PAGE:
Legal Profession Aghast At Laurie Penny’s ‘My Parents Are Solicitors Not Millionaires’ Tweet

Yesterday, left-wing firebrand Laurie Penny insulted senior solicitors everywhere with this distressingly inaccurate tweet:

The public school-educated socialist clearly doesn’t keep track of Britain’s law firms’ annual financial results – which, even in the midst of a recession, have seen profit per equity partner at the leading outfits reach comfortably in excess of £1million. And that’s just in one year.

Even at much smaller firms, many partners end up millionaires several times over.

“Penny’s comment is deeply disappointing,” one disbelieving partner was overheard to have said yesterday. “Being a solicitor is an incredibly high status role. Unfortunately, Bar-focused legal dramas like Silk too often paint a lopsided picture of the profession.”

The question remains, though, as to which firms Penny’s solicitor parents work for (several hours of fruitless searching yesterday failed to yield a result). If you’re reading, Mr and Mrs Penny, do drop us a line.

5 Responses to “Legal Profession Aghast At Laurie Penny’s ‘My Parents Are Solicitors Not Millionaires’ Tweet”

  1. Jay

    She said her parents were solicitors, not leading partners at equity law firms. Although a few solicitors are well paid, the vast majority are either on high street wages (i.e. sod all) or earning comfortably, but not excessively. If you didn’t find them in several hours searching, chances are they’re not earning a million quid.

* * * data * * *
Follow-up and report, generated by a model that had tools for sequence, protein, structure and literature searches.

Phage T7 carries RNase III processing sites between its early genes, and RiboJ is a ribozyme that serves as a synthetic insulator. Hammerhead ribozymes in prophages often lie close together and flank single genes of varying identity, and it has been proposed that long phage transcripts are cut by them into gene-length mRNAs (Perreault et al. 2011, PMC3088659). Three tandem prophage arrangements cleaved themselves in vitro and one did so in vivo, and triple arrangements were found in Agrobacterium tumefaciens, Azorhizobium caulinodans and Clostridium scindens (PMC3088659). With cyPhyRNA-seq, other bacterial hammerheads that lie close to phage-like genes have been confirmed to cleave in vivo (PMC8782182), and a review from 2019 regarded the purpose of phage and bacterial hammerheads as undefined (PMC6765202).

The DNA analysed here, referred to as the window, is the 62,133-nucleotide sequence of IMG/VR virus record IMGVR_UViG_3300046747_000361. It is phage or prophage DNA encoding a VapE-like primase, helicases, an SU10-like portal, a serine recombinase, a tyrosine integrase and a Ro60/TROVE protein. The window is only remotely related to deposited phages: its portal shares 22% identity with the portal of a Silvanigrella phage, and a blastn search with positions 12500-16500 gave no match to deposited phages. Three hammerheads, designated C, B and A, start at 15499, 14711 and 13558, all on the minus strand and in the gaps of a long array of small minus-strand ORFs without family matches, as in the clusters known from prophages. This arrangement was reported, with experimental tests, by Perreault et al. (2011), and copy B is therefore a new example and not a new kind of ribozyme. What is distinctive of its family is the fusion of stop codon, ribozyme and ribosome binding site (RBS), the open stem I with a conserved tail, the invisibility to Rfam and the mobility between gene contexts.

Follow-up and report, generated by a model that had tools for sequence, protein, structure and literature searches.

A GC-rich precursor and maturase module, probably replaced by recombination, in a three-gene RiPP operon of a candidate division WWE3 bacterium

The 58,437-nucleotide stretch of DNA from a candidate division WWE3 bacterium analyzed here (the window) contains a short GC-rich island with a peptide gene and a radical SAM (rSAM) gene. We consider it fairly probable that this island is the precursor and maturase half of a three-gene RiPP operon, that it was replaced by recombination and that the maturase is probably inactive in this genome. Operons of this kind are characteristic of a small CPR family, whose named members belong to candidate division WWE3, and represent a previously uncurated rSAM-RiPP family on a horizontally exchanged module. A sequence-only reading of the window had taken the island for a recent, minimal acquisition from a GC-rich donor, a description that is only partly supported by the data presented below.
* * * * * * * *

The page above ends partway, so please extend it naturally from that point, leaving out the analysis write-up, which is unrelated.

I won’t even charge you for that brilliant analysis.

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  2. Richard Moorhead

    Funny story Alex. I am wondering a bit by you think many partners end up millionaires several times over? I was a bit surprised by that. Any sources to back that up (genuine question).

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  3. Mark

    Your research skills need work. Five minutes on the Law Society website produced a female solicitor working in Horley qualified in 1984 and a male one working in the West End qualified in 1983. Those are my likely candidates, but there are three other men who might fit the bill.

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  4. Nick Holmes

    The “leading outfits” must the 1% (the Legal 100) who take more than 40% of the cake.

    The “much smaller firms” whom Alex refers to who generate these multi-millionaires must be from amongst the top 10% (1000 firms) who take another 40% of the cake.

    Then of course there’s the little people who don’t get a mention – the 90% who divvy up the remaining 20% of the cake.

    (Law Society Annual Stats for 2011: 86% of firms had 1 to 4 partners)

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